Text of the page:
- How can we trust that you're ready to make the financial sacrifices and stick around for a long time, given that you were already seduced by the money once.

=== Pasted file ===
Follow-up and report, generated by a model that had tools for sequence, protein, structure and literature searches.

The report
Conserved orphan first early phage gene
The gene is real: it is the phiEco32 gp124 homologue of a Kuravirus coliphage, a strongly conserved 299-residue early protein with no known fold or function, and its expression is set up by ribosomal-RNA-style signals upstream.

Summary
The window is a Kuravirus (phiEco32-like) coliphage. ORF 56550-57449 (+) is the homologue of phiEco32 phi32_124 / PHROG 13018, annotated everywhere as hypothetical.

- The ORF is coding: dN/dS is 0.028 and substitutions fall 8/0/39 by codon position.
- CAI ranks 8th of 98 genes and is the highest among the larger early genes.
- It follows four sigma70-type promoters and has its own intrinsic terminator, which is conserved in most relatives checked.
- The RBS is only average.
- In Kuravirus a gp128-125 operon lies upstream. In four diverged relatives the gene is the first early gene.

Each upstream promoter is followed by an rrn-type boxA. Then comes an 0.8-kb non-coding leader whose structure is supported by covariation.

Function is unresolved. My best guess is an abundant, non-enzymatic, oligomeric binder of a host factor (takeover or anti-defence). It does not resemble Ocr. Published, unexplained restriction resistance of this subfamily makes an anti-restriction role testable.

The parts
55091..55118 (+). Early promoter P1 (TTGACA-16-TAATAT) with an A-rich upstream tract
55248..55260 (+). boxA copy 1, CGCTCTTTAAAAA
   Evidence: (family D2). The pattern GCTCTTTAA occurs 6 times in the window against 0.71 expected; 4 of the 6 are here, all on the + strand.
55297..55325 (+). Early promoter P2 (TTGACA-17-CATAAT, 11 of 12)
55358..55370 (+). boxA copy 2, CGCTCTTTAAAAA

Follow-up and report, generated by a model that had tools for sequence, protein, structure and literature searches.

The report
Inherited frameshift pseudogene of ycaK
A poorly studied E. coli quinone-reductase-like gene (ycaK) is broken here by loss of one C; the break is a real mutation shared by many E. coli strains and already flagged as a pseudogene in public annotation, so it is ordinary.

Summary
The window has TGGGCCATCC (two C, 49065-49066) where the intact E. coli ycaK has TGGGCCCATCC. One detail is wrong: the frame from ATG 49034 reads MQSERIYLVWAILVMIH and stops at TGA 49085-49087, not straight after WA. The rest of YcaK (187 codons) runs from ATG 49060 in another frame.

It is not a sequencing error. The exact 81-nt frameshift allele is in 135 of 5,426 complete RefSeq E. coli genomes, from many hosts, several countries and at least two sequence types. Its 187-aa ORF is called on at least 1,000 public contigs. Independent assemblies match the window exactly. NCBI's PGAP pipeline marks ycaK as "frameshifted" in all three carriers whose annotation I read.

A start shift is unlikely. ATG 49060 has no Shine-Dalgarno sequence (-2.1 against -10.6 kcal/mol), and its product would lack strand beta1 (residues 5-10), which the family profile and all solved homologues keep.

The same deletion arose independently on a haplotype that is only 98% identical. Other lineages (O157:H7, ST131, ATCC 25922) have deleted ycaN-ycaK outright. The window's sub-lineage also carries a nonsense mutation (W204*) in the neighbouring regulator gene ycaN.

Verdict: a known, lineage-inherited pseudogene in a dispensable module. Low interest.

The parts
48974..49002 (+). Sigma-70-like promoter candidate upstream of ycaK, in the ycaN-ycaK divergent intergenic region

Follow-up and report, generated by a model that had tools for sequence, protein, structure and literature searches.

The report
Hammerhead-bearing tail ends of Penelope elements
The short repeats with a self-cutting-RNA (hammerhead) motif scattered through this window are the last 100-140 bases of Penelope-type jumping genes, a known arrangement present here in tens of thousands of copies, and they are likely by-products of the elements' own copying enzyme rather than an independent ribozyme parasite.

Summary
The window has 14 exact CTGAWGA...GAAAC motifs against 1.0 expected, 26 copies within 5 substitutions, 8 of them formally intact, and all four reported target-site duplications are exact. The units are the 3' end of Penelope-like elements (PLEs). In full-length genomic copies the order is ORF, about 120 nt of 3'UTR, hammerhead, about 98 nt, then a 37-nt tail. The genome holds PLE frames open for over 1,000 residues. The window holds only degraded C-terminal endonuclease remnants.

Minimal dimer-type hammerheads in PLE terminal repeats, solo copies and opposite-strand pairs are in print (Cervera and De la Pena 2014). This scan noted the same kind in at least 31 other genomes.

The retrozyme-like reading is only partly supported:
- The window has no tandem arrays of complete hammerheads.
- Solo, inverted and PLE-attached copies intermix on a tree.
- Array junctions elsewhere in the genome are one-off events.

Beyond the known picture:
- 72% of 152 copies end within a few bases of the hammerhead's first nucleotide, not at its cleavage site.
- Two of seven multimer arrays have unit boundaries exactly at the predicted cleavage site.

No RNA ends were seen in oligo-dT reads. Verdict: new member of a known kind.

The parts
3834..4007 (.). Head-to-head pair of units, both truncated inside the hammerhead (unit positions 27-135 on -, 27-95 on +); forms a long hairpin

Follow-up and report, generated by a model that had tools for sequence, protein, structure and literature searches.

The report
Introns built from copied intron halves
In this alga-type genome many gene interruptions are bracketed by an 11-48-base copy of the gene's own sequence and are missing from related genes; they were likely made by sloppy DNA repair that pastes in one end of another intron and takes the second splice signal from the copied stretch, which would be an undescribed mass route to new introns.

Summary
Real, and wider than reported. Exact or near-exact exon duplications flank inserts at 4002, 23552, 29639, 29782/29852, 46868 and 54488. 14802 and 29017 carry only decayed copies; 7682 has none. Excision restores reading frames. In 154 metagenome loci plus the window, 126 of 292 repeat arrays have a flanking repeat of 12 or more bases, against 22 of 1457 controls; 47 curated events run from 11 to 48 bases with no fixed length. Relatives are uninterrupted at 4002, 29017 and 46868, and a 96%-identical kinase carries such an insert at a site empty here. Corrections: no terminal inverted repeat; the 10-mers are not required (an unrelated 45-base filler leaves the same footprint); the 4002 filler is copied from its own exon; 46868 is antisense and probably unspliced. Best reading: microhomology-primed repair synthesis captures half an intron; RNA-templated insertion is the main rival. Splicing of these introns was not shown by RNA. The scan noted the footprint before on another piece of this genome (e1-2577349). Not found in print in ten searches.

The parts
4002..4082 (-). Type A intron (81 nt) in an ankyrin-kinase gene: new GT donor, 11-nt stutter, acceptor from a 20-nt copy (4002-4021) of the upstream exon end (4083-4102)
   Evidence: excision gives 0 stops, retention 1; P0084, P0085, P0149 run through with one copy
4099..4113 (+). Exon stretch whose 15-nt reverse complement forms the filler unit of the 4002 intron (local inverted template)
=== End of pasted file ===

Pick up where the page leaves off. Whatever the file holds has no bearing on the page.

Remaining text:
I'm speaking from bitter personal experience, as someone whose desire for a public interest career is now sincere, that (especially in a down economy), it is extremely difficult to compete effectively against people who have demonstrated their commitment all along. And, as much as that disadvantages me, I must admit there is a fairness to that: the people who have an advantage, especially in this tight economy, are people who stood ready to sacrifice for the cause(s) they believed in all along. My resume is solid enough (good grades at HYS, highly respected firm known for its interest in pro bono, prominent clerkship), but it has the flaw that it just does not show full-time commitment to the work in question -- and employers are explicitly telling me that my combination of pro bono work, non-legal volunteer work, academic study, publications, and conference talks given in their field just does not outweigh their desire for full-time direct services work in the field. The uniform advice I've received is to demonstrate my commitment by volunteering into the field if I'm really serious about it.